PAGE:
HOMEBREW Digest #3525 Tue 09 January 2001

[Prev HBD] [Index] [Next HBD] [Back]

		Digest Janitor: janitor@hbd.org


          Northern  Brewer, Ltd. Home Brew Supplies
        http://www.northernbrewer.com  1-800-681-2739

    Support those who support you! Visit our sponsor's site!
********** Also visit http://hbd.org/hbdsponsors.html *********

  Re: dumb questions for the group (David Lamotte)
  re: Spreadsheet for # PrimeTabs Per Bottle (John_E_Schnupp)
  RE: Ale Dropping (Tony Barnsley)
  Sweet Ciders (EFOUCH)
  Water Profile in ProMash (Jeffrey Donovan)
  Dropped 0/BU (AJ)
  Re: Replies - Japanese hops, utilization, filters, wheat (Jeff Renner)
  Re: Ale dropping & fermentation temp (Jeff Renner)
  Re: long primary (Jeff Renner)
  Moldy Marris Otter... (Jim Cave)
  Uses for Spent Grains/Radiation-Reinheitgebot vs Gauss' law. ("Stephen Alexander")
  Re: dumb questions for the group ("patrick finerty jr.")
  Call for BHC7 Judges and Stewards ("Schneider, Brett")
  Re:  Brewater and Promash (Steve)
  Blue camping pad as insulator ("Strom C. Thacker")
  Alan Davies question ("Richard Sieben")
  Old Stuff besdies myself (Beaverplt)
  Re. "Bogus" Water Reports (John Palmer)
  re: Reducing Cider Alcohol Level, Brewing Racks, & Kegs ("Charles R. Stewart")
  trapped CO2 ("Richard & Laura")

* * Beer is our obsession and we're late for therapy! * Send articles for __publication_only__ to post@hbd.org If your e-mail account is being deleted, please unsubscribe first!! To SUBSCRIBE or UNSUBSCRIBE send an e-mail message with the word "subscribe" or "unsubscribe" to request@hbd.org FROM THE E-MAIL ACCOUNT YOU WISH TO HAVE SUBSCRIBED OR UNSUBSCRIBED!!!** IF YOU HAVE SPAM-PROOFED your e-mail address, you cannot subscribe to the digest as we canoot reach you. We will not correct your address for the automation - that's your job. The HBD is a copyrighted document. The compilation is copyright HBD.ORG. Individual postings are copyright by their authors. ASK before reproducing and you'll rarely have trouble. Digest content cannot be reproduced by any means for sale or profit. More information is available by sending the word "info" to req at hbd.org. JANITOR on duty: Pat Babcock and Karl Lutzen (janitor@hbd.org)
---------------------------------------------------------------------- Date: Mon, 08 Jan 2001 17:32:31 +1100 From: David Lamotte <lamotted at ozemail.com.au> Subject: Re: dumb questions for the group Richard Dulany asked some thoughtfull (not dumb) questions ... >>> 1) Is there any reason NOT to "rinse" my carboys with a small amount of clear grain alcohol (vodka, rum) as a final step in the sanitizing process? The carboys have been thoroughly rinsed, but I want to negate anything bad in my tap water. >>> No, there is no problem doing this, but it won't do any sanitising. Alcohol level needs to be around 80% and then you need fairly long contact imes to be effective, plus not all organisms are knocked out. You do not mention what you are using for sanitation - If you have concerns about rinsing, the best approach would be a non-rinse formulation (idophore etc). If you still need to rinse out beach etc, I believe the best (and cheapest for you guys in the USA) is the cheapest commercial beer that you can find. >>> 2) Should I try to aerate the beer when racking from the primary fermenter to the secondary fermenter? It seems to give the yeast new vigor. >>> Aeration is bad any time after the start of fermentation. While the yeast may appreciate it, the alcohol and many other components formed during fermentation can be oxidised, with a consequent deterioration in beer flavour. You may only be seeing the release of trapped CO2 caused by the physical movement of the beer. Hope this helps, David Lamotte Newcastle, N.S.W. Australia Return to table of contents
Date: Mon, 8 Jan 2001 00:02:02 -0800 From: John_E_Schnupp at amat.com Subject: re: Spreadsheet for # PrimeTabs Per Bottle Todd, http://www.joshmadison.com/software/convert/ The one I use. I'm sure there are others. I bought a calculator/graphing program for my PalmVx and it is pretty good as a converter. I still prefer the one from Josh, probably because it is the one I'm most familiar with. John Schnupp, N3CNL Georgia, VT 95 XLH 1200 Return to table of contents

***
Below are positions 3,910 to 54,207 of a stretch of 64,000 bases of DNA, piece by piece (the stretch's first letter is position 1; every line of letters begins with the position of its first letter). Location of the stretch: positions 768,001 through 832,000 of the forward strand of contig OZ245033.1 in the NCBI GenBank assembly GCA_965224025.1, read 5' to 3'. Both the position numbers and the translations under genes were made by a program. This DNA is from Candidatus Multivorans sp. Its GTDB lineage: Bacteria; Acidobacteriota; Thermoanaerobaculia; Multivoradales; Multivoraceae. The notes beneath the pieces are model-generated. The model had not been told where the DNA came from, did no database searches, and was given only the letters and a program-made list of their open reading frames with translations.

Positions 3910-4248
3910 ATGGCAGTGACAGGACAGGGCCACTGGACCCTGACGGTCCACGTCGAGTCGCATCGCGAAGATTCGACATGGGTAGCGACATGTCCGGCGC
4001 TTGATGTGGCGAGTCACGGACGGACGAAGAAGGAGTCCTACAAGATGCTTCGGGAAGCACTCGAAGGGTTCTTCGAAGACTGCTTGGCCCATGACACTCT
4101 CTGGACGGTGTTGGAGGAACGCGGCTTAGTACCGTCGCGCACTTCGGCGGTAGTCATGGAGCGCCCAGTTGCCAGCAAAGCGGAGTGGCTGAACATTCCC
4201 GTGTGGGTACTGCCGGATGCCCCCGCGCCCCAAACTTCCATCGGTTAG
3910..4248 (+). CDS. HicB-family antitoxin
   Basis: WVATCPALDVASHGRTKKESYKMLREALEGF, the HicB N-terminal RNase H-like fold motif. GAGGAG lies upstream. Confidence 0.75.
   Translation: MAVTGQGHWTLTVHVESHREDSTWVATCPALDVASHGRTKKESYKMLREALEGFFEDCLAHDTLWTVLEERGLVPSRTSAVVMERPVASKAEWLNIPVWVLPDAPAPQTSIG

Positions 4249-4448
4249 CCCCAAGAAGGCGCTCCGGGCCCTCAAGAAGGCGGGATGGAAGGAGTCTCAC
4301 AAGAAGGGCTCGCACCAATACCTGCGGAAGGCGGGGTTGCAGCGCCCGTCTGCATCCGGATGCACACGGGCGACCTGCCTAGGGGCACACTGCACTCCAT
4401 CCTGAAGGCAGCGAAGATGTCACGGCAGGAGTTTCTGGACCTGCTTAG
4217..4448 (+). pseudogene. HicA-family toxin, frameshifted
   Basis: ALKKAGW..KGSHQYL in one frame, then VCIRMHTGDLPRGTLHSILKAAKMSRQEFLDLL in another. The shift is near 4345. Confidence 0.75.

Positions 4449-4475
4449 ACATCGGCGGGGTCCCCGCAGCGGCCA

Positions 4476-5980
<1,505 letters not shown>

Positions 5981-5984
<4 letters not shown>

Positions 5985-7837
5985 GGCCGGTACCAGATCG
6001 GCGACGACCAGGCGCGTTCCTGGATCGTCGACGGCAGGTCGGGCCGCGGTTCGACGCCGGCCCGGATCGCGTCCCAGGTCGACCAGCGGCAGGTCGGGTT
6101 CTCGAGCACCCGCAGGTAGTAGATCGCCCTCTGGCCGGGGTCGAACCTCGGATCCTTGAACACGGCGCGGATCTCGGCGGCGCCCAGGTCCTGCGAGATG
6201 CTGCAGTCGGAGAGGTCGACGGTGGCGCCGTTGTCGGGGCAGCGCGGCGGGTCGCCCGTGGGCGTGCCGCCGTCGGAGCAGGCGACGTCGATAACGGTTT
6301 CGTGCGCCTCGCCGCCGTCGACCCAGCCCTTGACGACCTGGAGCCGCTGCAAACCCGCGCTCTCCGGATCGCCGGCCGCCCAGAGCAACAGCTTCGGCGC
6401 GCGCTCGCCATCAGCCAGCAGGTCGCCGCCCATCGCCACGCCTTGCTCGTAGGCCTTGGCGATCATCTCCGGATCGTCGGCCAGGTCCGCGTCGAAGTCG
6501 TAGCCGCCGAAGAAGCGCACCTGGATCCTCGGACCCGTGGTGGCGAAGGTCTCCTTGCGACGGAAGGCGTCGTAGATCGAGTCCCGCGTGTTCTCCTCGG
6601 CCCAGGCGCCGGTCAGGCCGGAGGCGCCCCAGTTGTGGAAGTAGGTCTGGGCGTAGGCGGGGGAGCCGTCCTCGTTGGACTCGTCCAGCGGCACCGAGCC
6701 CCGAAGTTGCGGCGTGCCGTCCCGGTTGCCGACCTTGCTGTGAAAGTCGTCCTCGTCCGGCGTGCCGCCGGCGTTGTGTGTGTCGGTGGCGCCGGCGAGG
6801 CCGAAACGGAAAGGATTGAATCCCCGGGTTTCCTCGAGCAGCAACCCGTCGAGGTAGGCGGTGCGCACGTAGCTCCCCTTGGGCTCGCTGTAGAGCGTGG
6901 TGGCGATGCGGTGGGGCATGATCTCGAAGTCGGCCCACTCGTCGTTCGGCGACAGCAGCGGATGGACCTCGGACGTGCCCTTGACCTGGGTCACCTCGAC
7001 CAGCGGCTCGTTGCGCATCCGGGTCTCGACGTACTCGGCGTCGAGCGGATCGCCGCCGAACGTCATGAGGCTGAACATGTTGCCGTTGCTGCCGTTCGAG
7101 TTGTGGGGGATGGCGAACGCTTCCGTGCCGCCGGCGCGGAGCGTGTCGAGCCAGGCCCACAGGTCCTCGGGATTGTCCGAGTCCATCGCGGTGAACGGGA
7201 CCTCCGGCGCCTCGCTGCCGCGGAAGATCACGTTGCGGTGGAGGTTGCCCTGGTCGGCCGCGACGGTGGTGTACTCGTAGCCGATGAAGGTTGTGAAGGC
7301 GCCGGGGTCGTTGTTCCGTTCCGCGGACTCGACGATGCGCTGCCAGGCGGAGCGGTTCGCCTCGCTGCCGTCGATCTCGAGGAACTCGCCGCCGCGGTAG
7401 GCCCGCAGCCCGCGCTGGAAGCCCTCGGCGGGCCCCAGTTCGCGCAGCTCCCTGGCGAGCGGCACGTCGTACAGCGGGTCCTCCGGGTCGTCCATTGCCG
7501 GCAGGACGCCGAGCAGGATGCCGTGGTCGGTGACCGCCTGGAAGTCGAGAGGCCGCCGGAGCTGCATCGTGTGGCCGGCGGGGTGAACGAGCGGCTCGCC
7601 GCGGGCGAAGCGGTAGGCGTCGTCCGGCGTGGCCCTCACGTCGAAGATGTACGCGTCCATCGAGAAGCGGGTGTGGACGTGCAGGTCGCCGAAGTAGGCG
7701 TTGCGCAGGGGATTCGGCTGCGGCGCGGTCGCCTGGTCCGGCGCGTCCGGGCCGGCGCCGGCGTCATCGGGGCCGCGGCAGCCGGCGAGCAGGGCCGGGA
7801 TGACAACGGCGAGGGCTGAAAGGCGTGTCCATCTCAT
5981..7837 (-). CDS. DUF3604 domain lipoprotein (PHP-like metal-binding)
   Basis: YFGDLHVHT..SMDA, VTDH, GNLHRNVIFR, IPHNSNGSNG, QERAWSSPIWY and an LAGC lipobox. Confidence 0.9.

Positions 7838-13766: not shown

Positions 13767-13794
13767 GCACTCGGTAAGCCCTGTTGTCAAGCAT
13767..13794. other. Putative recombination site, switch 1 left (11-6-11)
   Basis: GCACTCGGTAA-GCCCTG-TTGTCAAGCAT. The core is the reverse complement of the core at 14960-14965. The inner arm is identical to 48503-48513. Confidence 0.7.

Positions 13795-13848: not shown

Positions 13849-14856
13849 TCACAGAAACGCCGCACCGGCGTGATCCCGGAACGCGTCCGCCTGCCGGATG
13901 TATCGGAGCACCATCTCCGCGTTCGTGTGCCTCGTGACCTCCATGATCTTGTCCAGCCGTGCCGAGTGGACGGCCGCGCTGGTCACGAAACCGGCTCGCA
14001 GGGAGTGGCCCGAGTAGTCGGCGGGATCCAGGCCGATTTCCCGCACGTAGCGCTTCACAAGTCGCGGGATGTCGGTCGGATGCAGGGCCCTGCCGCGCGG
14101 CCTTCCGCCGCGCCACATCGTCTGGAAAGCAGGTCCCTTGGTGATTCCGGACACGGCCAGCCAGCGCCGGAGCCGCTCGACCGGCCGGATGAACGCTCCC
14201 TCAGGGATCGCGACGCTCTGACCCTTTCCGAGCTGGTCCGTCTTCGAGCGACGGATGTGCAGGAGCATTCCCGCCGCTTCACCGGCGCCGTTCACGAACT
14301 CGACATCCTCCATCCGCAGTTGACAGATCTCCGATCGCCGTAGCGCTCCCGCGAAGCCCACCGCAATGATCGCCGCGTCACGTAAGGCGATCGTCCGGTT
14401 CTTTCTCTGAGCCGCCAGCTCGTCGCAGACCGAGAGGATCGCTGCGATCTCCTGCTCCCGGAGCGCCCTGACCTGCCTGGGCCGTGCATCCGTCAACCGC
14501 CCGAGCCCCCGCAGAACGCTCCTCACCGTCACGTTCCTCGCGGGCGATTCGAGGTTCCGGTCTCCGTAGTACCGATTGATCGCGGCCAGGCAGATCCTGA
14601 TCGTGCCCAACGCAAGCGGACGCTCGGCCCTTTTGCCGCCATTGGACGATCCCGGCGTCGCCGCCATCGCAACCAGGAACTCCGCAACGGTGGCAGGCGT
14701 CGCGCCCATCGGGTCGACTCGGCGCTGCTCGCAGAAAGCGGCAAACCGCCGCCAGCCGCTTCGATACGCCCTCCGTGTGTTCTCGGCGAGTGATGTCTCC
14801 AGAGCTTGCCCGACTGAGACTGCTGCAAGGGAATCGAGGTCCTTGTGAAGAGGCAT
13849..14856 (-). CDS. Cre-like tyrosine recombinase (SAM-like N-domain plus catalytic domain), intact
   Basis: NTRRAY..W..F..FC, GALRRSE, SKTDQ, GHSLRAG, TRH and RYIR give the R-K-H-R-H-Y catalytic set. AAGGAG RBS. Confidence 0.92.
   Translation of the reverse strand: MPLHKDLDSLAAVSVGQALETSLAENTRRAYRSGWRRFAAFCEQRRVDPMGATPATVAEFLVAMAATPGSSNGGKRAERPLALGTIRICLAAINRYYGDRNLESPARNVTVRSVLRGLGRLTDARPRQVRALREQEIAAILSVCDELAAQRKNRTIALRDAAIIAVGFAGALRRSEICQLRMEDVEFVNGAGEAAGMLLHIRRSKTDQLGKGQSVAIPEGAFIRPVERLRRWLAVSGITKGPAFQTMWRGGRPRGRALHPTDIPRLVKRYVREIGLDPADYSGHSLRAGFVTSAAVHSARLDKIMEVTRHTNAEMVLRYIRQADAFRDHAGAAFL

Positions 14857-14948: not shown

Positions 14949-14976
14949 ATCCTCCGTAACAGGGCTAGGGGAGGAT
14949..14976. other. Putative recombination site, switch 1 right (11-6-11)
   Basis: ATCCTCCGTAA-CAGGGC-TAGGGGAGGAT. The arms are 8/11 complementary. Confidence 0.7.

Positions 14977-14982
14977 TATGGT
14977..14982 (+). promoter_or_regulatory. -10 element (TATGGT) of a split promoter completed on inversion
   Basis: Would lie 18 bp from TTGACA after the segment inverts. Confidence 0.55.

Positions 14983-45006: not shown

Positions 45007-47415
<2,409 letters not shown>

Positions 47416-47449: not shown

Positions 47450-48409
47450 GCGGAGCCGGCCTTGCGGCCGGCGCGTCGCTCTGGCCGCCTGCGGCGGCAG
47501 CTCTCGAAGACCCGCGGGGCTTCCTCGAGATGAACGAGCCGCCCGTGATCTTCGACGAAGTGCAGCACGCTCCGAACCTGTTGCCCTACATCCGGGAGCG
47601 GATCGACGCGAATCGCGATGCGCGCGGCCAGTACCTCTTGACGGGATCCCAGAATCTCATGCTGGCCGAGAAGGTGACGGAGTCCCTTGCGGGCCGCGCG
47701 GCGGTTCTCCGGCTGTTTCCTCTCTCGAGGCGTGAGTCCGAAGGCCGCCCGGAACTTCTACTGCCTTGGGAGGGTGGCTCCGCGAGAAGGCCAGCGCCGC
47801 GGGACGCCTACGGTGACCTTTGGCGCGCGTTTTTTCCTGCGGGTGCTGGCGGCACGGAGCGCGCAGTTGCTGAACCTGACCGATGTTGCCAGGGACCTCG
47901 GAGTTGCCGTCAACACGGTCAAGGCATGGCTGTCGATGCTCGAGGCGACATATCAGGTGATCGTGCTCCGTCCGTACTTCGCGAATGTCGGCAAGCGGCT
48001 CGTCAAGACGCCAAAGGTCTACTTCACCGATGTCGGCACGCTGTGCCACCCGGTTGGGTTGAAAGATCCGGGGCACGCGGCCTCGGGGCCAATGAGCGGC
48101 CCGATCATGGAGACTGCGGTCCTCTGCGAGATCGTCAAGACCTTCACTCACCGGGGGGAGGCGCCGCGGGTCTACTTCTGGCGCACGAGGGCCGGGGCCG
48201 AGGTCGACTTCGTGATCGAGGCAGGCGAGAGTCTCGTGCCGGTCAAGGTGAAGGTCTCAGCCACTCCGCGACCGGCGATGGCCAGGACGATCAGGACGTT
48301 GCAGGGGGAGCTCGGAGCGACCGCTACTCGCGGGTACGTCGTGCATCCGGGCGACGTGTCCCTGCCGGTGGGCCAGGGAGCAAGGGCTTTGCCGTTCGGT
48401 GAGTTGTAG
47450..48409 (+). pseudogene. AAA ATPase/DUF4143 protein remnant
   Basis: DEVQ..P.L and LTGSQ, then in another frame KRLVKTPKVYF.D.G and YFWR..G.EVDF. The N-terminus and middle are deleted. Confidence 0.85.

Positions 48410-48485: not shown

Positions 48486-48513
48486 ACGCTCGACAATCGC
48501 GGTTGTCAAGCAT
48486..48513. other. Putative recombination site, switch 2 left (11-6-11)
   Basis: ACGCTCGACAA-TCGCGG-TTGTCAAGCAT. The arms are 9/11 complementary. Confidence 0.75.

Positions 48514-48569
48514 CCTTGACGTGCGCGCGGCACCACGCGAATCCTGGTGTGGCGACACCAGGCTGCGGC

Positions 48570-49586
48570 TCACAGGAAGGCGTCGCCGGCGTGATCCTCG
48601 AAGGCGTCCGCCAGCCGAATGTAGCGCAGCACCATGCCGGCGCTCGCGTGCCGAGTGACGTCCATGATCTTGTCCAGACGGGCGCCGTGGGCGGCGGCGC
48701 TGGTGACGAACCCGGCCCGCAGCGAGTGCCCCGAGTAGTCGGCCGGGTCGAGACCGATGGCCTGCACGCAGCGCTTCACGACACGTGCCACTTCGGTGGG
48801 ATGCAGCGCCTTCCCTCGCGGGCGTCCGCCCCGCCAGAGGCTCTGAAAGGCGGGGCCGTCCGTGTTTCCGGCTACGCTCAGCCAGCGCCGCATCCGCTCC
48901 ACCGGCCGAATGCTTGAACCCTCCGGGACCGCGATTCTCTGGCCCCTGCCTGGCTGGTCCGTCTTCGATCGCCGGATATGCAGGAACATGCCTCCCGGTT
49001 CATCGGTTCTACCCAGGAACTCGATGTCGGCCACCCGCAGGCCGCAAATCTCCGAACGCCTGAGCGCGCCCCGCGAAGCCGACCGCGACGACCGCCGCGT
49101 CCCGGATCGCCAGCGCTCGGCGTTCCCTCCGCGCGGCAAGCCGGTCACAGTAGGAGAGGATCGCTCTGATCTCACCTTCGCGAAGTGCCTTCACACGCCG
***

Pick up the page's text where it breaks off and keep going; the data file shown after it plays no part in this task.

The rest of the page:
Date: Mon, 8 Jan 2001 10:58:41 -0000 From: Tony Barnsley <tony.barnsley at blackpool.gov.uk> Subject: RE: Ale Dropping Tom asked about dropping About 18 months or so ago this was the subject of much discussion on UK Homebrew. Things like When (if) to drop?, is it beneficial? As you say Graham's books are a little contradictory, so I mailed Graham with some questions, and he entered the fray. The real upshot is that he no longer recommends dropping. Too many homebrewers were experiencing slow or halted fermentations after dropping. It comes down to a combination of two things in the end Commercial breweries that practice dropping successfully, have taller fermentation vessels than ours with more (active) yeast in suspension. When they drop (with aeration, normally 14-18 hours after pitching), then they carry over enough yeast to continue the fermentation. The other thing is that home (craft) brewers tend to under pitch and so have little healthy yeast anyway. Pitching late removes a lot of active yeast and so the fermentation stops. Graham has even had problems dropping with the Morland yeast from when the brewery was practising dropping! From experience gained over the last 18 months by brewers on UK homebrew if you are going to drop, Pitch BIG, do it with aeration and absolutely no later than 18 hours after pitching, so that you have lots of healthy yeast in suspension. I must admit though that I haven't noticed any difference in ales that I've dropped (Imperial Stout, Old Peculier, Special Bitter) which was using Wyeast 1084 Irish ale, so its a practice I've stopped using. Graham's Northern Yeasts are a severe top croppers, and need stirring back into the wort at 2 hourly intervals. All the yeasts that I've played with (Told you Welshmen have some funny habits ;-'> ) as a craft brewer have never been that heavy a top cropper. Certainly things like 1968 (Whitbread) have required rousing to ensure that they finish properly, but with plenty of oxygen at the start normal yeasts work to completion with no special treatment. - -- Wassail! The Scurrilous Aleman (ICQ 46254361) Schwarzbad Lager Brauerei, Blackpool, Lancs, UK UK HOMEBREW - A Forum on Home Brewing in the UK Managed by home brewers for home brewers To Subscribe send blank email to uk-homebrew-subscribe at smartgroups.com Return to table of contents